Two fundamental types of energy efficiencies are derived from the first and second laws of thermodynamics: first-law efficiency and second-law efficiency. First-law efficiency deals with the amount of energy without any consideration of the quality or availability of the energy.
It is calculated as the ratio of the actual amount of energy delivered where it is needed to the amount of energy supplied to meet that need. Expressions for efficiencies are given as fractions; multiplying the fraction by 100 converts it to a percentage. As an example, consider a furnace system that keeps a home at a desired temperature of 18°C (65°F) when the outside temperature is 0°C (32°F).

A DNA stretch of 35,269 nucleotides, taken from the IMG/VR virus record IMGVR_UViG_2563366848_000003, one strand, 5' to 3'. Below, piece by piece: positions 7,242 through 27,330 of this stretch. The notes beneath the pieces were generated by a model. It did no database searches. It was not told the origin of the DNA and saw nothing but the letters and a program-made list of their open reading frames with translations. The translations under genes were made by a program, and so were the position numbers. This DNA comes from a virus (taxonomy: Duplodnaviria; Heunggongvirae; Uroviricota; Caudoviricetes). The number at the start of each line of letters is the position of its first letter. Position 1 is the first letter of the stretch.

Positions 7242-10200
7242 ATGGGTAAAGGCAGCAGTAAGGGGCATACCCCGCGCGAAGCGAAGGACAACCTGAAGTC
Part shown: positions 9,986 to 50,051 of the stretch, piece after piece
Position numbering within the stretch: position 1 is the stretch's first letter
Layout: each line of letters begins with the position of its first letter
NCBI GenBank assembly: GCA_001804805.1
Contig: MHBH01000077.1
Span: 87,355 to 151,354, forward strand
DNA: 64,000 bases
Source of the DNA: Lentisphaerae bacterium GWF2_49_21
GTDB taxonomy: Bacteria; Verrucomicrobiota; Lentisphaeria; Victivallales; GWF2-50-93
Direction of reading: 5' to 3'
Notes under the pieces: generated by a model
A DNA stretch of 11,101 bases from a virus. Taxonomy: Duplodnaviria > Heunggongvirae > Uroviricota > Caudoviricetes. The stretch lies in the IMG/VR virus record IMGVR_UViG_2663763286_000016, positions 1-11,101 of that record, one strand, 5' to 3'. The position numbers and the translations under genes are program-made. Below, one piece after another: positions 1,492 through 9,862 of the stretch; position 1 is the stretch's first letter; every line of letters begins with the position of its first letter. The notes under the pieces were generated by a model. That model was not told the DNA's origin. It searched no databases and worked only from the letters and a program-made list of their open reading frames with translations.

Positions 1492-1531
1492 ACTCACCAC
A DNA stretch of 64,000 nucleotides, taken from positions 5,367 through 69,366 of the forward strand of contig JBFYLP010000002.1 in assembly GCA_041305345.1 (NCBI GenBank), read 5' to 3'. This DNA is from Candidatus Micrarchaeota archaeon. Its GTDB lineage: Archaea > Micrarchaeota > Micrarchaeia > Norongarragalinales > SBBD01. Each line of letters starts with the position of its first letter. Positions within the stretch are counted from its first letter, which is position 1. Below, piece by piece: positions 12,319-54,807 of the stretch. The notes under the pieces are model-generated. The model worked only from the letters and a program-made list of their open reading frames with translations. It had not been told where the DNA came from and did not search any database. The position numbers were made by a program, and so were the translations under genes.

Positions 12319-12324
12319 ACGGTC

The furnace, which burns natural gas, delivers 1 unit of heat energy to the house for every 1.5 units of energy extracted from burning the fuel. That means it has a first-law efficiency of 1 divided by 1.5, or 67%. The “unit” of energy for our furnace is arbitrary for the purpose of discussion; we also could use the British thermal unit (Btu) or some other units. When the tire swing finally stops, all the initial gravitational potential energy has been transformed by way of friction to heat energy. Energy is conserved in the tire swing.